• You said, “It’s great to have choices, I think that’s something almost everyone can agree on.”

            Regarding choice being necessarily good: I suggest Diane Ravitch’s fascinating book The Death and Life of the Great American School System: How Testing and Choice Are Undermining Education. She too once valued choice as fundamental to improving schools; however, when the results of choice didn’t prove effective and in turn hurt public schools, she changed her mind. Even Albert Shanker, the gentleman widely acknowledged as having invented charter schools, now claims that they cause more harm than good.

  12. Micheltorena is fighting the wrong fight. It’s not Citizens or charters they should be battling, but lack of money for education. The reasons charters are and will remain to be popular is because they are doing more with less. Why? Because charters require more parent involvement to make up for their lack of funding.

    Anybody who thinks charters are some sort of corporate megabucks machine is out of their mind. All schools these days suffer from lack of funding and a need to fundraise. All of them visit the same neighborhood stores and knock on the same doors.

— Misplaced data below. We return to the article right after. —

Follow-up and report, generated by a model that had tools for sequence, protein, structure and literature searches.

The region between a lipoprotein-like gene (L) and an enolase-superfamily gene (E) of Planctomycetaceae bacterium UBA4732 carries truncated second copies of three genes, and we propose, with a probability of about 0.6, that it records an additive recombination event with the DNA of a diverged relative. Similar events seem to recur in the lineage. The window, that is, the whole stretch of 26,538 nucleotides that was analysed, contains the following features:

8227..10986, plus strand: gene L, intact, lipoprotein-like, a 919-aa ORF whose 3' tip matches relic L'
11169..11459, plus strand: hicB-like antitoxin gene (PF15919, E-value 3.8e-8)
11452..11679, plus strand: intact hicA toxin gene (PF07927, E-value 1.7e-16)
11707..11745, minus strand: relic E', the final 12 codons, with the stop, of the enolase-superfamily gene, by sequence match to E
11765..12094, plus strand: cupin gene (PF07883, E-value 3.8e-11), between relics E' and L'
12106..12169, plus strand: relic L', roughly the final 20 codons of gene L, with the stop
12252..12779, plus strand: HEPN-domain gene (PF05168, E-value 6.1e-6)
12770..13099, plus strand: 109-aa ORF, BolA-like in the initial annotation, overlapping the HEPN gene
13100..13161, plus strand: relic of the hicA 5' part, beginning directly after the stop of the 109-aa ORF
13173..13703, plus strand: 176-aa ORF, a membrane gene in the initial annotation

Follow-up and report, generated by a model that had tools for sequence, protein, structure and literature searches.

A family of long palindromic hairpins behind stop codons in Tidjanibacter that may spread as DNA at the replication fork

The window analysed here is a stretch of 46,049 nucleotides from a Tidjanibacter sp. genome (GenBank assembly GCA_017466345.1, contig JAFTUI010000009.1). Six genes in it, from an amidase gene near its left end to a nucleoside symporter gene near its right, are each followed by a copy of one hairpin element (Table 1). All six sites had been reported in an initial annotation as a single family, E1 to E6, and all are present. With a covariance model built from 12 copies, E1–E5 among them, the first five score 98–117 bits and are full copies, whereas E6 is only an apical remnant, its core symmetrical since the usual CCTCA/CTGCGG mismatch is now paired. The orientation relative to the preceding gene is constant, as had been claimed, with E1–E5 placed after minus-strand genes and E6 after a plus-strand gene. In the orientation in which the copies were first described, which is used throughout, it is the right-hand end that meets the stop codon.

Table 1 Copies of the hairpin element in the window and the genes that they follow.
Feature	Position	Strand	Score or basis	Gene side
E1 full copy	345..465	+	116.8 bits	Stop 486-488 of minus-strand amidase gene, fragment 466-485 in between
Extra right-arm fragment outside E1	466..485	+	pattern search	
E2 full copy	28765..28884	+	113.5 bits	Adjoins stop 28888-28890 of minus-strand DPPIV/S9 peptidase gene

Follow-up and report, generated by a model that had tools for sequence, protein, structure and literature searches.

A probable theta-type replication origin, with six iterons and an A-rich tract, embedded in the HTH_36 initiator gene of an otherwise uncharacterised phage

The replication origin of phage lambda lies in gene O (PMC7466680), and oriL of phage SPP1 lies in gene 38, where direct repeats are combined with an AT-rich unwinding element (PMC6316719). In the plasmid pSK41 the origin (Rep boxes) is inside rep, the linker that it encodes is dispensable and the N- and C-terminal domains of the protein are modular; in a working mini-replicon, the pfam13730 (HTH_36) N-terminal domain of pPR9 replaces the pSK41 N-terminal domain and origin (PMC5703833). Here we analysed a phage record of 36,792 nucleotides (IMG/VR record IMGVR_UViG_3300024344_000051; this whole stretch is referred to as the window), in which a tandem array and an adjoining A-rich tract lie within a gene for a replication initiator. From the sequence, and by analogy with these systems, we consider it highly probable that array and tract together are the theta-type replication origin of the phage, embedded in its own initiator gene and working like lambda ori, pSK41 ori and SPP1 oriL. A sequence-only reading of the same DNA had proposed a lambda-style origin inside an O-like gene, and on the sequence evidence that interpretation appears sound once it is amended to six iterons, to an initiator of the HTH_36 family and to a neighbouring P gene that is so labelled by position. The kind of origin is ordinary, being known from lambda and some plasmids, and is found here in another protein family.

Nobody is getting rich in the world of elementary education.

    In the end, this is about kids. Micheltorena could benefit from working with a school that shares needs rather than facing the effects of undeniable future cuts on their own.
    Yes, sometimes it’s nicer to share a sandwich than have to eat dry hard bread by themselves.

    • IF the charter shares. IF the charter is a good neighbor. Nothing against the parents who favor the school, but the CWC establishment has so far made little, if any, attempts to attend the forums, discuss the issues, or reach out to the community. There seems to be an air of entitlement. Most of the time, Tamir Talaban, who says he’s just a parent and does not truly represent the school, is left to speak to a frustrated crowd of Micheltorena supporters. It does not bode well for the co-location situation.